Everyday Activities That Could Harm Your Hearing

a man wearing yellow hearing protection while enjoying his hobby of woodcutting

Hearing is one of the most important senses as it helps us to connect with friends and loved ones. You use your sense of hearing at work, during your free time and when driving. Unfortunately, most people take their hearing for granted until it's too late. But did you know that some daily activities can harm your hearing ability and lead to hearing loss?

Noise

According to the National Institute on Deafness and Other Communication Disorders, over 40 million adults have damaged hearing due to exposure to loud noise. Noise is measured in decibels, and when any sound goes above 85 decibels (dB) it can damage the tiny nerves and hairs in the inner ear that helps to transmit sound to the brain. However, the level of sound alone doesn’t cause damage to your hearing but the length of exposure.

Hunting

Hunting is a great outdoor activity that can also provide you with a meal. However, using a gun when hunting can harm your hearing. The average sound level recorded during gunfire is higher than 160dB, which can instantly damage your hearing. Therefore, always ensure that you wear proper hearing gear when handling a firearm.

Personal media devices

Most people spend several hours listening to music with headphones or earbuds. Can you remember a time when you turned up the volume to drown out background sounds? Listening to loud music can harm your hearing.

Your listening devices send sound directly to the ears, which can be dangerous if the sounds are very high. Headphones can produce sound levels that reach over 100dB. 

Always ensure that you’re listening at safe sound levels by keeping the volume of your personal device below 60%. Additionally, remember to take listening breaks to give your ears some time to recover from the sound.

Traffic and construction

People who commute to work every day are exposed to rattling engines, honking of horns and the racket of construction. Although this may now seem normal to you, exposure to these noises daily can cause hearing loss. Even though you cannot avoid traffic and construction, you can use foam earplugs to reduce sounds to 10-30dB so that you can still hear safely.

Public events

There are some activities that you may love to do that can harm your hearing. For example, going to concerts and nightclubs that have sound levels that reach over 100dB. Additionally, some sports events in stadiums can have sound levels that reach up to 100dB, which is enough to harm your hearing instantaneously.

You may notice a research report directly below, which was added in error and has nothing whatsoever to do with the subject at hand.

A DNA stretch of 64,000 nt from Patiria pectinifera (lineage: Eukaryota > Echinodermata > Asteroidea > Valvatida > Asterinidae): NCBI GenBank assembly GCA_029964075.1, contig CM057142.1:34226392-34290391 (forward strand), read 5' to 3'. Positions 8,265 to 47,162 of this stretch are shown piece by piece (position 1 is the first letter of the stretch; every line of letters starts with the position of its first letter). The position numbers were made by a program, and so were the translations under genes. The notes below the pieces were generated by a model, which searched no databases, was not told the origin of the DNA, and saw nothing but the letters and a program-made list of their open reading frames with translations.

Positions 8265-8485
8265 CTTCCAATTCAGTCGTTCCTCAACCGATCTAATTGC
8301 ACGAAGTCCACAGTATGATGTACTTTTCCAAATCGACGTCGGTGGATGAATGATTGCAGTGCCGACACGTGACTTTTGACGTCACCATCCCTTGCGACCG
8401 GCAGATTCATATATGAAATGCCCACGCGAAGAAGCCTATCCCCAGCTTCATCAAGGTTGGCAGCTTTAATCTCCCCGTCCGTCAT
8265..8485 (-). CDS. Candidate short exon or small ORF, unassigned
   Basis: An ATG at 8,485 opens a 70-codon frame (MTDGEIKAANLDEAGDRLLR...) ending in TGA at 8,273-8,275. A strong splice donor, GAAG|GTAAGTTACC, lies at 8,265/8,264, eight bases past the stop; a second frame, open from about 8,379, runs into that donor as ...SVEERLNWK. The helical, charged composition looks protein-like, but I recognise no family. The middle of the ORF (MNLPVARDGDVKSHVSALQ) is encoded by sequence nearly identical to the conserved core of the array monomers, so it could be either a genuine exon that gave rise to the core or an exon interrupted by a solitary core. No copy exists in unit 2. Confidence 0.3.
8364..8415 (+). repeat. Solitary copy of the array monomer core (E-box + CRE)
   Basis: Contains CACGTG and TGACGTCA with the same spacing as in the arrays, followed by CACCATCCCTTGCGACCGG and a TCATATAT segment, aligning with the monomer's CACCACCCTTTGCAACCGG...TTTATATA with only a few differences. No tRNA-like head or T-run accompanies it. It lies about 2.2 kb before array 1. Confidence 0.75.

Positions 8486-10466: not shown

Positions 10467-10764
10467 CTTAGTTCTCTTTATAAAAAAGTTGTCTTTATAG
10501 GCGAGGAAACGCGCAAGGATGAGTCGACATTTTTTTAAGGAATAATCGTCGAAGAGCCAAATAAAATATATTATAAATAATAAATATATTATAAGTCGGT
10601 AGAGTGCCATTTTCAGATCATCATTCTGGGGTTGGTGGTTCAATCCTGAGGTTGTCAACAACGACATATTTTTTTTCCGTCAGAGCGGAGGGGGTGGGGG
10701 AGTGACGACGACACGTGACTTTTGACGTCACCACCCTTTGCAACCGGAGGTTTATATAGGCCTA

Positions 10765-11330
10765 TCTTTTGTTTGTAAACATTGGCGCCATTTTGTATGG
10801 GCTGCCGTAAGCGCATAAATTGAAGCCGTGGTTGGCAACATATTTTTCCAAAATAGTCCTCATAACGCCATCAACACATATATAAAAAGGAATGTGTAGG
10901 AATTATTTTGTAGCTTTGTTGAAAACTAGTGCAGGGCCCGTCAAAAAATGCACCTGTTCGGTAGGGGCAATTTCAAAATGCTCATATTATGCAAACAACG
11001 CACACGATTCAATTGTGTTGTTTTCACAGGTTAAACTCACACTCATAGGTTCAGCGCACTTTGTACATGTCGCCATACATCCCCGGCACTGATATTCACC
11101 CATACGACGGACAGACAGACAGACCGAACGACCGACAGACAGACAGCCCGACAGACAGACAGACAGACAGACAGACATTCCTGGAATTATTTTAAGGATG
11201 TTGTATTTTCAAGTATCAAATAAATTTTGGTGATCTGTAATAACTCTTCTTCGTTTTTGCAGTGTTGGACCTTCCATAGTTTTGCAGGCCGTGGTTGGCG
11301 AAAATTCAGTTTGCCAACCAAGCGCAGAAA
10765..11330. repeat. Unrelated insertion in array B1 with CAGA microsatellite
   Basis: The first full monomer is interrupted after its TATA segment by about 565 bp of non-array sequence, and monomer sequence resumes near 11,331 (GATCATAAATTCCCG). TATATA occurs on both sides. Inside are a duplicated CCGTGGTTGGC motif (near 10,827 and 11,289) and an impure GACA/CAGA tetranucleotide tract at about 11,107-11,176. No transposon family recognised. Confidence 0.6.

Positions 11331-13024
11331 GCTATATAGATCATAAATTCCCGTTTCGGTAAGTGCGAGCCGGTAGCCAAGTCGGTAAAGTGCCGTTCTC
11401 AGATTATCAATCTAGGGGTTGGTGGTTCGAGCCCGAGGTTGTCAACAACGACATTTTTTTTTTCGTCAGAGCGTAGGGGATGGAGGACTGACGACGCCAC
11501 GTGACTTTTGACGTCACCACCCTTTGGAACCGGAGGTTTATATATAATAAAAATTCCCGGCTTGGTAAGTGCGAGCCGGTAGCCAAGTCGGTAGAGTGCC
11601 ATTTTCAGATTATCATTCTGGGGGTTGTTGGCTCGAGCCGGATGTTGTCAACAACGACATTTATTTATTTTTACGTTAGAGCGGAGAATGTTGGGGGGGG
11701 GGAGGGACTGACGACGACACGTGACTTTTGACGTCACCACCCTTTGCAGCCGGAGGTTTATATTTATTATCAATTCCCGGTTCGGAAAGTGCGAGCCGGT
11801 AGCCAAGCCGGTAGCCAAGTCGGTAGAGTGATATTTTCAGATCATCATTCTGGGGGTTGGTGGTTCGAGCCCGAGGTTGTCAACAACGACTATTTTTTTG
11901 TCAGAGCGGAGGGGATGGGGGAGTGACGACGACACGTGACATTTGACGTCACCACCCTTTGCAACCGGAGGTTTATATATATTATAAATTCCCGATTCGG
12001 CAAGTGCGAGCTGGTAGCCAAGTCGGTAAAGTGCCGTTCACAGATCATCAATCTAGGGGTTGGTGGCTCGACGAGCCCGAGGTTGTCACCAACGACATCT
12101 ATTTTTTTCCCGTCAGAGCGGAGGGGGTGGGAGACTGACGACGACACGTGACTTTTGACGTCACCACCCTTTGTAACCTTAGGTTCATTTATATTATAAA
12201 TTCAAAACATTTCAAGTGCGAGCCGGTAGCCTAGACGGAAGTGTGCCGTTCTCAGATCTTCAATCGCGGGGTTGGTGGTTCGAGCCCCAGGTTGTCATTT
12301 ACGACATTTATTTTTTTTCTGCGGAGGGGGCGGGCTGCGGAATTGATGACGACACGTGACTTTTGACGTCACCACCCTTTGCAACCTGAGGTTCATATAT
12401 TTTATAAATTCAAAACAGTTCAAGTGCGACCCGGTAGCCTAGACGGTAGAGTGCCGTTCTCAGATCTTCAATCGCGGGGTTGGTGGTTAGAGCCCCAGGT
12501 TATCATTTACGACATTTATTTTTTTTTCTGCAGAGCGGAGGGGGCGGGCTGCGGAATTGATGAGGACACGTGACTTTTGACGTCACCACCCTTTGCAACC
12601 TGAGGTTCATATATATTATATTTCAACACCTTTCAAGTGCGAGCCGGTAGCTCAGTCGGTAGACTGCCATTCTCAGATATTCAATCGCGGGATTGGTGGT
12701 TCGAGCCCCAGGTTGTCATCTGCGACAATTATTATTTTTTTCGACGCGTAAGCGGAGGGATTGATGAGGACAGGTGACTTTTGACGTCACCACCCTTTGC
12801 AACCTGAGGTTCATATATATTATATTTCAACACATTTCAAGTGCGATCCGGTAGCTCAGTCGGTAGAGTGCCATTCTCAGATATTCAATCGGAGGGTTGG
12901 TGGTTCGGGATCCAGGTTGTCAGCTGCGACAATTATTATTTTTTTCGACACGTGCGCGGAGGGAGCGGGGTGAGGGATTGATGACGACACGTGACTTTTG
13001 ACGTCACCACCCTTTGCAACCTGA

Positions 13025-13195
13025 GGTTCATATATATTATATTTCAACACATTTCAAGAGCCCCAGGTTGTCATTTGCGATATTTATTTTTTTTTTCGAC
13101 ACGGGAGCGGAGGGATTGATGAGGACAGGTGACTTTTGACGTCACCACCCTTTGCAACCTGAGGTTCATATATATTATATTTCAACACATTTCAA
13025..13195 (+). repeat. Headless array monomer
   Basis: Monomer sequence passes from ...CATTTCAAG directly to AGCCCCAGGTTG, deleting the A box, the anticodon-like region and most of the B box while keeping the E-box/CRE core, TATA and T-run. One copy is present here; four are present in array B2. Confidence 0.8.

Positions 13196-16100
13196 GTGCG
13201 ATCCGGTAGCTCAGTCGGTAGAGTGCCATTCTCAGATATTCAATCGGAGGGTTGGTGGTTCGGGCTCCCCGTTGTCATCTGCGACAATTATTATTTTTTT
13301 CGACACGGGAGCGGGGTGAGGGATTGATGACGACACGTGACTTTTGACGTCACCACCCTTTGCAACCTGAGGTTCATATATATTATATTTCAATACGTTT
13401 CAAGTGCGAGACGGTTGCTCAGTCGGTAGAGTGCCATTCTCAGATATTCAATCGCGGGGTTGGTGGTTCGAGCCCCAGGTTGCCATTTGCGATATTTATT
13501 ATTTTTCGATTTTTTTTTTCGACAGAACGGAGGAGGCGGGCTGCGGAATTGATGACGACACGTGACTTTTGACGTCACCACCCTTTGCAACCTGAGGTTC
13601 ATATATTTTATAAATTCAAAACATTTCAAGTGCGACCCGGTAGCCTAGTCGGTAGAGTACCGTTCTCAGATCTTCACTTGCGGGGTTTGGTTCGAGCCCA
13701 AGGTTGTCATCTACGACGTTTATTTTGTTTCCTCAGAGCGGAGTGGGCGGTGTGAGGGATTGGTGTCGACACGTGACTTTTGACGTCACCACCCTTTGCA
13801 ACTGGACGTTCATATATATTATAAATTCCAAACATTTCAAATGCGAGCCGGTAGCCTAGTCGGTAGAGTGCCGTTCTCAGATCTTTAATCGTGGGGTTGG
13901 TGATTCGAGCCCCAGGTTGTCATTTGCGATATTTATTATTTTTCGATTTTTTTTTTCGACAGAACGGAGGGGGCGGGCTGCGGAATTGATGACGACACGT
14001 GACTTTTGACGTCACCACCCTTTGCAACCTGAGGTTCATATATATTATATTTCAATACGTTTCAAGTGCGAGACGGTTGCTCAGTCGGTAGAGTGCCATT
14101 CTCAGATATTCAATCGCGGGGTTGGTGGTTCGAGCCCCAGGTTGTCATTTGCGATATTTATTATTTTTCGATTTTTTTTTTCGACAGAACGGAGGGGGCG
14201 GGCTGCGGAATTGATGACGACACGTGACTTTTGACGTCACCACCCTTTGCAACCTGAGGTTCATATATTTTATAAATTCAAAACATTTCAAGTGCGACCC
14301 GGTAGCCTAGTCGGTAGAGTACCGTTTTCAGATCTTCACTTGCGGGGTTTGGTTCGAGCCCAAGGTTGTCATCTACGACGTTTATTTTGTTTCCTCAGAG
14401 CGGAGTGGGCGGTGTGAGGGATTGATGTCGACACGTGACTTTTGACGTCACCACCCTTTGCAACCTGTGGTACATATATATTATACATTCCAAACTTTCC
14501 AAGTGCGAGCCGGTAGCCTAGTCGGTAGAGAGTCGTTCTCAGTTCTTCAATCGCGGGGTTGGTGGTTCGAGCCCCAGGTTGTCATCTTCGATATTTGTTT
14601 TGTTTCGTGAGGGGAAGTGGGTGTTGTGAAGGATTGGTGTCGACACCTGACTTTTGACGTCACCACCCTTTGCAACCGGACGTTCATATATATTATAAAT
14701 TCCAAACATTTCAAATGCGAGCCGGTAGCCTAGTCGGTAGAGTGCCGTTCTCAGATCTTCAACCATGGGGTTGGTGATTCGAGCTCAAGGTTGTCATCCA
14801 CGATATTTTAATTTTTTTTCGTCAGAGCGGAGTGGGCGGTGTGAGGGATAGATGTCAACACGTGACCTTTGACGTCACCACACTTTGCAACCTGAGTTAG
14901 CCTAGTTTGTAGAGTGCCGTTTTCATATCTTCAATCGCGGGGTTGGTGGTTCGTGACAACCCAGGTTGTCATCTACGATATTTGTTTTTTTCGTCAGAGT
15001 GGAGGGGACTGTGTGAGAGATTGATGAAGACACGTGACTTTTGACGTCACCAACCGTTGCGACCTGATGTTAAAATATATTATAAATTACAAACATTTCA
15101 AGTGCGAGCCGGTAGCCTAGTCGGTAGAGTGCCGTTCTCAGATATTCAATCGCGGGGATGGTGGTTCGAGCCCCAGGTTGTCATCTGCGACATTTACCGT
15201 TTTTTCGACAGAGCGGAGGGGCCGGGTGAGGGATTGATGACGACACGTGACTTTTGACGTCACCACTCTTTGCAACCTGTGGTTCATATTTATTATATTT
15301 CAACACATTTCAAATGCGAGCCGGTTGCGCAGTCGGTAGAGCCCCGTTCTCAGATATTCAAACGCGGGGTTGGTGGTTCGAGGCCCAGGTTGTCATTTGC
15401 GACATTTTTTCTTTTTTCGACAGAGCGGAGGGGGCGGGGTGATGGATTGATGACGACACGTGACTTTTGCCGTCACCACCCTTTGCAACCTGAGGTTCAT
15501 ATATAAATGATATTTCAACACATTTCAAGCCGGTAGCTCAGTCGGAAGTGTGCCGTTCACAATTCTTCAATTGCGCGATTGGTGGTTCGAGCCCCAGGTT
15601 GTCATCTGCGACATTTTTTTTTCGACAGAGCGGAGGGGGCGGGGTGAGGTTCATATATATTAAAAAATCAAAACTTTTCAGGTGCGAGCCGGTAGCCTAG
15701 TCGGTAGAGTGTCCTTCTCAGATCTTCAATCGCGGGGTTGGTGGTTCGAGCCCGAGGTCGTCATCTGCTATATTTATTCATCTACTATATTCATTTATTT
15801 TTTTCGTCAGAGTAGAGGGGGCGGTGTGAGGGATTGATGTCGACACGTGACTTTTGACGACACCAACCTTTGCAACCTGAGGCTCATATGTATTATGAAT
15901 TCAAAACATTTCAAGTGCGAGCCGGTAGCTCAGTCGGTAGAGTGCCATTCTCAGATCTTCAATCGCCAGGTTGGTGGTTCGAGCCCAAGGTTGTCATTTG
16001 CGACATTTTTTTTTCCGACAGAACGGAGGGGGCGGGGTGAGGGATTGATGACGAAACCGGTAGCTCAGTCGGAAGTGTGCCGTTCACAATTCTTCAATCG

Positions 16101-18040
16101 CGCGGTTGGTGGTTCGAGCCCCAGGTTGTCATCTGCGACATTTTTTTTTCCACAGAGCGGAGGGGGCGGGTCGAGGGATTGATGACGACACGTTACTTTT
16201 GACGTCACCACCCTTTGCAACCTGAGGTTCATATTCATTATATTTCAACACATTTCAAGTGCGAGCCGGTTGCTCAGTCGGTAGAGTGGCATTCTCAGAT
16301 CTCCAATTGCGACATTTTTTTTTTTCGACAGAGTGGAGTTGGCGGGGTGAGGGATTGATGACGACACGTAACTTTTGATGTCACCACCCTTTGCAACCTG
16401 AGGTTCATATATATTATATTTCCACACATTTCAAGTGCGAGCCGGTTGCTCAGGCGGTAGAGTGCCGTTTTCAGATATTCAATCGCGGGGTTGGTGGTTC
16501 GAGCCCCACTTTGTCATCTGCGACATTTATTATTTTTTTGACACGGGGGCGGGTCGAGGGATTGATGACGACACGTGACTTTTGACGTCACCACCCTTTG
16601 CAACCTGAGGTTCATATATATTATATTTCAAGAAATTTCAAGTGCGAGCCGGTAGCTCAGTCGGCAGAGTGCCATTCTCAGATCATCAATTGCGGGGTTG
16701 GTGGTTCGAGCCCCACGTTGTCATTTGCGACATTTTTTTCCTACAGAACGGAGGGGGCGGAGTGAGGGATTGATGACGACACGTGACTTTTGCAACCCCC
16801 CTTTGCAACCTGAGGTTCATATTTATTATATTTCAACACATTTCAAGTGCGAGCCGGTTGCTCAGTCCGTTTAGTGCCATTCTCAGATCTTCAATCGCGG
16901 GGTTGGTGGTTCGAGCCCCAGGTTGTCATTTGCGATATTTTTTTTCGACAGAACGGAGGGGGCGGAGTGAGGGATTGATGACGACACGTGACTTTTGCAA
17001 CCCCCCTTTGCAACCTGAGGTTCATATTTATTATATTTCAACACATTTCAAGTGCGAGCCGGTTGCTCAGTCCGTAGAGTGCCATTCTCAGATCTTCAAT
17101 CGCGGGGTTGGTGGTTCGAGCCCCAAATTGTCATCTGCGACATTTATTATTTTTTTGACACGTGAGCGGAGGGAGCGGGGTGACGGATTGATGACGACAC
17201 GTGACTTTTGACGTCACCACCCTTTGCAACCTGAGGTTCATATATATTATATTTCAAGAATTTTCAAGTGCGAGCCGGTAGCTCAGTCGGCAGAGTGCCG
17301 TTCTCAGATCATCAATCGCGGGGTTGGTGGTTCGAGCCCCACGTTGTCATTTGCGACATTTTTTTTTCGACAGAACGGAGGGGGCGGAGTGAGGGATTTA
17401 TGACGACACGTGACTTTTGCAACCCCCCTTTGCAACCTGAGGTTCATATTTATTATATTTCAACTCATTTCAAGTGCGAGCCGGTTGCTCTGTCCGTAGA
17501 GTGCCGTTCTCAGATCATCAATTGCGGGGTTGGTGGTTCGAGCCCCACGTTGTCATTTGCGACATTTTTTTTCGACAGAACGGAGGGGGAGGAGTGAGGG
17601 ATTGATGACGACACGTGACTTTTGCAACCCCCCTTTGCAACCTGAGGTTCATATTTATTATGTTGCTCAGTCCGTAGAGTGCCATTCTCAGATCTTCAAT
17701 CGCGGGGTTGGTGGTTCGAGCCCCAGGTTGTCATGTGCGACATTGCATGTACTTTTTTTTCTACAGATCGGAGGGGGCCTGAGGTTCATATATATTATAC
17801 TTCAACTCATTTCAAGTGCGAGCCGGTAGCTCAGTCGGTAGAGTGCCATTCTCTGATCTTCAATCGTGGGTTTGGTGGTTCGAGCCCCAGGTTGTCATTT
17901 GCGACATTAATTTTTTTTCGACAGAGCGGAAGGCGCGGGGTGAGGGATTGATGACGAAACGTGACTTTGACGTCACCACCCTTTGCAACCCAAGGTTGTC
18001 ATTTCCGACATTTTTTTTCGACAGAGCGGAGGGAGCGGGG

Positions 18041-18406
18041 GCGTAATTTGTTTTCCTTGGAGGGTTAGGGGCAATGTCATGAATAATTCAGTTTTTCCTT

Power tools

If you use power tools for a profession or as a hobby, they can make loud noises. Although OSHA has enforced some strict regulations in working environments, if you use these tools at home, you may not realize how much damage you may be inflicting to your ears.

Therefore, when doing your carpentry projects, mowing the lawn or blowing leaves out of your lawn, ensure that you always wear ear protection. Doing this will help to keep your hearing intact. You can use sound reducing earmuffs, which can protect your ears from the loud noise and still stay alert.

Motorcycle

Do you own a motorcycle? Riding is a fun recreational activity. However, while most people remember to buckle their helmets, they often forget to protect their ears. The average noise from a motorcycle is well over 90dB, with others producing noises over 100dB.

Such high levels of noise require ear protection. Apart from the engine noise, the following can cause hearing loss in motorcyclists:

  • Wind noise: The noise level from the wind when riding on city streets is relatively low. However, traveling at speeds of over 60 miles an hour on the highway can cause noise levels from wind more than 110dB. According to OSHA, exposure to noises that exceed 100dB can damage your hearing in just fifteen minutes.
  • Open ears: You rely on your helmet to protect your head in case of a crash. However, most helmets offer little to no protection from loud noises.
  • Tinnitus: Continued exposure to high levels of noise can cause your hearing to drop, a condition referred to as temporary threshold shift (TTS). Continuous exposure can cause tinnitus and eventually permanent hearing loss.

Protect your hearing

The first step to save your hearing is to learn more about the noise levels around you. You may also want to carry your earplugs in case you find yourself in a situation that can damage your hearing. If you have been exposed to the above hearing hazards, consider visiting an audiologist for a hearing test.

This way, you will know the status of your hearing health. Visit Affordable Audiology & Hearing for a hearing assessment or call us today at 920-232-4752 to request a hearing and listening demonstration.